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Shingo Francis is an artist and painter who employ a minimal and abstract approach to his work to explore color, time and expanse. He has a keen appreciation for how these elements shape our perceptions.
Shingo Francis grew up between California and Japan, two locations that inform his work and practice. Through the process of compositional reduction and color as space Francis created a series of paintings titled “Blue’s Silence” with simple two tones in blue. These paintings subsequently evolved into a new series of paintings titled “Infinite Space” with an overall monochrome color as space with a simple composition with one line towards the bottom signifying an attention to presence. The central color is autonomous due to the refined composition dissipating both at the top and bottom of the canvas revealing a subtle motion of transparent layers. Both series of paintings produce a sense of silence and space with experiences of shifts in tone and complimentary juxtaposition of color.
A recent series of paintings titled “interference” utilize a material with small particles cut in an angle to reflect a specific spectrum of color. There is no pigment such as cobalt or cadmium but only color from the color spectrum of light similar to how a rainbow reveals color through the refraction of light in rain droplets. Yet there is an opposing color as well to each refracted color, therefore the painting will shift between two complimentary colors. For example, if the light reflects the color green, it will also be the color magenta when the light is not reflecting back but looked in ambient light. Besides the interesting mechanics of these paintings, the square composition is symmetrical and produces a space to project and hold ones attention or presence. The ever-changing phenomena of these paintings reflect the cyclical nature of time and how our bodies move through space.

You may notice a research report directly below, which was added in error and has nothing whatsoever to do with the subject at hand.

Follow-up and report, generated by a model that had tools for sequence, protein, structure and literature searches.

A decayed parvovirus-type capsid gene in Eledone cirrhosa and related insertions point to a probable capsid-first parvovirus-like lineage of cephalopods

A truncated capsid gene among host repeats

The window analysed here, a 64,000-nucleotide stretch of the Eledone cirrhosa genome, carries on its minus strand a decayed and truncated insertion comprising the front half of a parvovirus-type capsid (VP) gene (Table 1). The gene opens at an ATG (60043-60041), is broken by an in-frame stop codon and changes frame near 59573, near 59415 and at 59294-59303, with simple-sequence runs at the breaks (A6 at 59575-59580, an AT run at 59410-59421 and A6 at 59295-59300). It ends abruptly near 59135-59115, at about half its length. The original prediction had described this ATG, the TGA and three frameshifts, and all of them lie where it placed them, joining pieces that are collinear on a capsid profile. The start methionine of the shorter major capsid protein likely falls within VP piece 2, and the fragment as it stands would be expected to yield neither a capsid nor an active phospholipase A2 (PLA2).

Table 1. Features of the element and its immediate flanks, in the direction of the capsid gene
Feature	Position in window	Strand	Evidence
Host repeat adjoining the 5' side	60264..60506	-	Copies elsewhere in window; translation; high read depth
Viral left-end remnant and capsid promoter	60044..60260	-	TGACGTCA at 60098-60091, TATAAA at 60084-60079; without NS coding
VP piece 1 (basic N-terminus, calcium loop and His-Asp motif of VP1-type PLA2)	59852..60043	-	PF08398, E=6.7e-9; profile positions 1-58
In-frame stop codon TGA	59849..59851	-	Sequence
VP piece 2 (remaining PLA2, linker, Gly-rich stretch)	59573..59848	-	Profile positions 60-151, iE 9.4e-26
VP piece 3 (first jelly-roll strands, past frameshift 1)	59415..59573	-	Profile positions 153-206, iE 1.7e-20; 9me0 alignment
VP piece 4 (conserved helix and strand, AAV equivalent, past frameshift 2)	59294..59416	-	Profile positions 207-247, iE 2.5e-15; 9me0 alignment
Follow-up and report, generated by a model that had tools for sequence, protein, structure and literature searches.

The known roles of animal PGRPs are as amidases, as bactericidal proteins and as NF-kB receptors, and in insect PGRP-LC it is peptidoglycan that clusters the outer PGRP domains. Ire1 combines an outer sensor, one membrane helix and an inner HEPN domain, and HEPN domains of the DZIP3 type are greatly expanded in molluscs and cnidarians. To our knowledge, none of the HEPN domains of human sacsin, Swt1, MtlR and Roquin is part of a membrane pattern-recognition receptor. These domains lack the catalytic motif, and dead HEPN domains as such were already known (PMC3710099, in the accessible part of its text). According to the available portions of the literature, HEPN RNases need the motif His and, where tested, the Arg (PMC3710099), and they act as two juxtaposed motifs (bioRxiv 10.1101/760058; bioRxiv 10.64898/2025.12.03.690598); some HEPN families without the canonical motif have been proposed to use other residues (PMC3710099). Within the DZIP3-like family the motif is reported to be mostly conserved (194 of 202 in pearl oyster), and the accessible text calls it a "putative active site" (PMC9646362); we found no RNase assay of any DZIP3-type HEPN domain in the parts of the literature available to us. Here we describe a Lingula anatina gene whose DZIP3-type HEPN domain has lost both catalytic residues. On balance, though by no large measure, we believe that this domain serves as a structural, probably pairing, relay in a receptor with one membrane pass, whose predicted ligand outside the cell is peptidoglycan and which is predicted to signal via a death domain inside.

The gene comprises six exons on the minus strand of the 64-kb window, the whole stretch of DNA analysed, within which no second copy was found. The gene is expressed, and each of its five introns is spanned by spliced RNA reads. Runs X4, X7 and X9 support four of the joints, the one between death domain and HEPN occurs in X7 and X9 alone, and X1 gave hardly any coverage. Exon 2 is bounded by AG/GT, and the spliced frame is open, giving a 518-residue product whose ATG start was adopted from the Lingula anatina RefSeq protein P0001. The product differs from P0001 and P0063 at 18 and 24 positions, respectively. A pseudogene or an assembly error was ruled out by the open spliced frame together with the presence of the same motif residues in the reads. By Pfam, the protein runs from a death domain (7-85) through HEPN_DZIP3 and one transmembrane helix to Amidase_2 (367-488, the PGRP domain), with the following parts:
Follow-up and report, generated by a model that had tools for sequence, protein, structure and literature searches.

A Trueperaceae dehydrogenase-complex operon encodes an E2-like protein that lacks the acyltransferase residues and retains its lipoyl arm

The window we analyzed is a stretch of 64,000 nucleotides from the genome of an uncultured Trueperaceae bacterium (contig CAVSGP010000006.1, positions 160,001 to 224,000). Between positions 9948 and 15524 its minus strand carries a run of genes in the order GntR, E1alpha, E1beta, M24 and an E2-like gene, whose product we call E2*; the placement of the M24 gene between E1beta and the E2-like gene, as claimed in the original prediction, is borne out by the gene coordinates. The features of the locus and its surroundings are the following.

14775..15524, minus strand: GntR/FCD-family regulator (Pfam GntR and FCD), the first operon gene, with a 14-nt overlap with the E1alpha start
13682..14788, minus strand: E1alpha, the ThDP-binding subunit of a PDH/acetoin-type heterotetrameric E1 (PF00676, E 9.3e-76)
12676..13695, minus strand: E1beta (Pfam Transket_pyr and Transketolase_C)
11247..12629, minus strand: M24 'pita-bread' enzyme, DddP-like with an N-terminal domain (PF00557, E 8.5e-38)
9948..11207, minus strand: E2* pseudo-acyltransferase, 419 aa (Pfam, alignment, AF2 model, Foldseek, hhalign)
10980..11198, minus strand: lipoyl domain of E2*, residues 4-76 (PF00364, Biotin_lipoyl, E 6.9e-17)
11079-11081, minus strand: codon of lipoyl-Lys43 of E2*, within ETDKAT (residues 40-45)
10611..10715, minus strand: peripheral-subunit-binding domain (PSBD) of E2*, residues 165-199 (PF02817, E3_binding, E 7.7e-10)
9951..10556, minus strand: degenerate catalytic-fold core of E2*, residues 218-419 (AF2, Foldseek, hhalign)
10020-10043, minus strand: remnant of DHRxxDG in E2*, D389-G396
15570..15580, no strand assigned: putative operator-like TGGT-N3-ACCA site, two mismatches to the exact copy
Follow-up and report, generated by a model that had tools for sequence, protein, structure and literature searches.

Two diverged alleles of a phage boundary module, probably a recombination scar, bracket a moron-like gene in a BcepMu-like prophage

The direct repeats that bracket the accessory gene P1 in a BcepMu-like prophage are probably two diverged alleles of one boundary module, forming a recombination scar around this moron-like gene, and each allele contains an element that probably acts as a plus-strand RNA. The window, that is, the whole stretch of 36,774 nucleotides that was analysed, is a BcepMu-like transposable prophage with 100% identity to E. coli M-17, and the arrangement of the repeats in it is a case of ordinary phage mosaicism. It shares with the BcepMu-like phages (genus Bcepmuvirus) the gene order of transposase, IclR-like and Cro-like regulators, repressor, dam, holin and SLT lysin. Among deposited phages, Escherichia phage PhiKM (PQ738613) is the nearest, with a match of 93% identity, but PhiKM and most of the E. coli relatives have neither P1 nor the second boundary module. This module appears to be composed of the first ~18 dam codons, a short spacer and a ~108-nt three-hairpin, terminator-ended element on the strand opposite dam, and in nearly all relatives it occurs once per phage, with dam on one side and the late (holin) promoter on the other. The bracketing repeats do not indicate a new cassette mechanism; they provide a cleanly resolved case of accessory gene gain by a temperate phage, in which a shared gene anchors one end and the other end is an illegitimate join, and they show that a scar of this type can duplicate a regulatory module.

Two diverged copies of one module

Shingo Francis also works on large scale drawing installations, he paints on a large roll of watercolor paper which is suspended from the ceiling in a semicircle allowing the viewer to be subsumed by the curvature of the paper and image.
Francis received a Bachelor of Arts degree from Pitzer College in Claremont and a Master of Arts degree from Art Center College of Design, in Pasadena, California.
Francis’s work has been exhibited in Japan, United States, Germany, South Korea, and Switzerland. He has been included in museums shows at the Kawamura Memorial DIC Museum of Art, Sezon Museum of Modern Art, Ichihara Lakeside Museum and the Martin Museum of Art. He received the Fumio Nanjo Award in Tokyo, and is represented by MISA SHIN GALLERY and William Turner Gallery.
The book mentioned in our interview is Interaction of Color by Josef Albers.